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Everyone Becomes an Impact Investor

Wonderful reflections from the Chief Investment Officer of the Doris Duke Foundation, Leena Bhutta in Institutional Investor recently Is Values-Oriented Investing Dead?  In it Leena notes the pressures and complexities that can be placed on values-based investors, as '…mission-driven investment …. [gets] maligned from different directions…' noting political pressures, legal campaigns, and 'very public social media meltdowns'.  However, she notes, 'divorcing capital management from societal challenges, whether climate change or systemic inequity, seems shortsighted and unsustainable'.  With these pressures, how is Doris Duke Foundation (DDF) is going deeper to align their missions and values with their capital?


Important to note that DDF is an endowment, and a large one at approximately US$2.6 billion, which gives them more flexibility from a financial and legal perspective than your retirement plan or your smaller endowment or foundation supporting your organization and its activities.  Nevertheless, there are lessons in their response to the 'pressures and complexities'.


For those who’ve taken our Faithful Finance course, you know we start with your values and mission.  While DDF is popularly known for its funding and shepherding of medical research with a focus on children and sub-Saharan Africa, they’re also involved with arts, environmental and US Muslim initiatives in the US.


In 2019, DDF committed to dedicating 10% of its assets over 10 years to 'mission-aligned [impact] investing', which at the time meant investing in both “market rate” and “concessionary” impact funds.  More recently, they’ve refined this approach to consider the best method – investment, grant or some blend, to fund a mission-aligned activity.  For some activities, market rate impact investments from the endowment assets are most appropriate, for others, traditional grant making from the endowment is more appropriate.  To give an example of the former, in their medical research area the Foundation focuses 'in the direction of maximizing support for scientists who are pursuing creative, innovative research with high potential to improve human health'.  DDF found this focus aligns well with available impact investments:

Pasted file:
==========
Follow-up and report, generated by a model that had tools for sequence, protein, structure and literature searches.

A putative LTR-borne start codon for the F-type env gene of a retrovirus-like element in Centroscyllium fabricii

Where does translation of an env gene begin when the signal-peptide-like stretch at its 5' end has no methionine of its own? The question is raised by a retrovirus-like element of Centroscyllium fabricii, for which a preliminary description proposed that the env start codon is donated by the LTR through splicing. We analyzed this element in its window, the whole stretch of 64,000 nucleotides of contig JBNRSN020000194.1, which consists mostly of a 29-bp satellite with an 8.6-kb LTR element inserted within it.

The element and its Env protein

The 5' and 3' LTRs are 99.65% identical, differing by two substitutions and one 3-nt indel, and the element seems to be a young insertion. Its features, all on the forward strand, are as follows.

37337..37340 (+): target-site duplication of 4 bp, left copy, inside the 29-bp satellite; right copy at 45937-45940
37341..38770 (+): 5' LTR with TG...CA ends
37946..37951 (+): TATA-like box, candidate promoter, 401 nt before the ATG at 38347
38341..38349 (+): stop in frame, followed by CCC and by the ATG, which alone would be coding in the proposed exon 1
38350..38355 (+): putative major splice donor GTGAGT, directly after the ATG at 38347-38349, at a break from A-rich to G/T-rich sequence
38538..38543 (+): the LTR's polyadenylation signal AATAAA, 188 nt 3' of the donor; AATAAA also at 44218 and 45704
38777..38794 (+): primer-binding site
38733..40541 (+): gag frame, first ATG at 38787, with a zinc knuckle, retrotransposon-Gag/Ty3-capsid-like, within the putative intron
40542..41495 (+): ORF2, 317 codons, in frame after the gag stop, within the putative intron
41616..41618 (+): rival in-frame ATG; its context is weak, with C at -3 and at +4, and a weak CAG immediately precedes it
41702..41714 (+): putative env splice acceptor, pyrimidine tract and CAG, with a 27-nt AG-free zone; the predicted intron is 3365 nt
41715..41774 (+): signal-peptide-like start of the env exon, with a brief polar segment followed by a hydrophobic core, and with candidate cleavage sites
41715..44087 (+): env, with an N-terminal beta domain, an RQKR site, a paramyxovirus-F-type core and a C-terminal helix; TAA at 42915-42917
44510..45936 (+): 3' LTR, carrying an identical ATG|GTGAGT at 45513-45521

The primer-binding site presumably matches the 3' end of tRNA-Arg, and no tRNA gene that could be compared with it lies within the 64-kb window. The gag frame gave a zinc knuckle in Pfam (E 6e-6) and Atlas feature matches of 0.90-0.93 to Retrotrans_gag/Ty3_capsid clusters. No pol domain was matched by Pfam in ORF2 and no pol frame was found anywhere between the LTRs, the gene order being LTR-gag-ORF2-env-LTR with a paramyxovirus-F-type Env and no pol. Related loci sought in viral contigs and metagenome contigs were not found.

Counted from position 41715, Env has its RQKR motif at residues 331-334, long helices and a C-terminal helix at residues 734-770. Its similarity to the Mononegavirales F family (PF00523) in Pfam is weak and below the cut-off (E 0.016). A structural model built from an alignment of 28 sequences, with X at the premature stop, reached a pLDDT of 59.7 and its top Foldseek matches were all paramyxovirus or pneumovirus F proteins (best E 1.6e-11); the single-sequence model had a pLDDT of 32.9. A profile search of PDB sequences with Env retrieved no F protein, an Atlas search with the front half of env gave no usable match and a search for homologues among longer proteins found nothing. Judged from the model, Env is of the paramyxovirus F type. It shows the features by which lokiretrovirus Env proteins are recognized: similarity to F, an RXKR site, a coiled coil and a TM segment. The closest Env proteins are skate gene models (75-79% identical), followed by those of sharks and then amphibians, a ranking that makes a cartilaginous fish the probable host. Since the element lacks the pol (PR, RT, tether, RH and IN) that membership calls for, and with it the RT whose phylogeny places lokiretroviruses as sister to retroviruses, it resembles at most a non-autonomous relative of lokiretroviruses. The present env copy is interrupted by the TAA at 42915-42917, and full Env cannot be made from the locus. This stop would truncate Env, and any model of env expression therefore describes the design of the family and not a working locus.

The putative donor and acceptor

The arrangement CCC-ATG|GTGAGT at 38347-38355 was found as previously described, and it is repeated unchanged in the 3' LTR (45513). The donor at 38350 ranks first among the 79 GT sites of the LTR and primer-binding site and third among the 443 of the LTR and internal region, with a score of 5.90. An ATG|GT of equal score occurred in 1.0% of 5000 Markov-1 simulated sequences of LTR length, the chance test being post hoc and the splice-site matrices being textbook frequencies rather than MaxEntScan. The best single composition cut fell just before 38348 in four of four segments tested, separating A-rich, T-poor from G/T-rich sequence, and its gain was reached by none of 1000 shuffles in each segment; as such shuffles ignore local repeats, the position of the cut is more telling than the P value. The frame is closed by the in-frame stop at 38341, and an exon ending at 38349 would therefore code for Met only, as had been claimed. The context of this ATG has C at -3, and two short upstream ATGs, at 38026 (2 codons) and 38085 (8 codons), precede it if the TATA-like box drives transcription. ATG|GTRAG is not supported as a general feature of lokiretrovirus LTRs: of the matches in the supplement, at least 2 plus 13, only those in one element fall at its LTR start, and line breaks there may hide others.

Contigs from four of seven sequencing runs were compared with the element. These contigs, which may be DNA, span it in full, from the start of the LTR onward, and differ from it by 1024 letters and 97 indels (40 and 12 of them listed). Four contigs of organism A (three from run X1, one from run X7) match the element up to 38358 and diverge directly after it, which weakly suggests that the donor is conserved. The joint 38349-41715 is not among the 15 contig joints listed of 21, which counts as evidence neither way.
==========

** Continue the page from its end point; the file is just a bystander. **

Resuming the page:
[Investing in] life sciences venture firms that focus on very early-stage ideas and incubating companies around those research ideas until they reach some commercial potential is an example of an investment out of the endowment that has the potential of achieving both high returns and high-impact and commercial-scale cures for disease.


Overall, their experience in pursuit of mission aligned funding has revealed three lessons:

  1. Suitable investment returns in pursuit of “social good” mission objectives [e.g., arts] are possible “but not universal.”  Therefore, they don’t force impact allocations or investments in areas where they don’t see associated returns.

  2. They are cautious with concessionary capital investments, '…rigorous questions have to be asked and answered … often, [this] ‘middle approach,’ i.e., hazier impact objectives and below-market returns, is not an optimal use of either endowment [investment] capital or programmatic budgets.'

  3. They don’t need a 10% cap or target on impact investments, 'instead, these mission-aligned investments should be subject to the same [endowment] portfolio management constraints that any other investment would be subject to'.


The impact of implementing these lessons has been to blend their investment research with their grant-making research and activity such that 'everyone working at the foundation becomes an impact investor'.  In the end, Leena encourages organizations to stay with their mission and values as guides for all their funding activities, including investments 'for organizations with multidecade (and longer) time horizons and timeless values that are central to their purpose, falling prey to the news cycle, and the noise … is a risk none of us can afford'.

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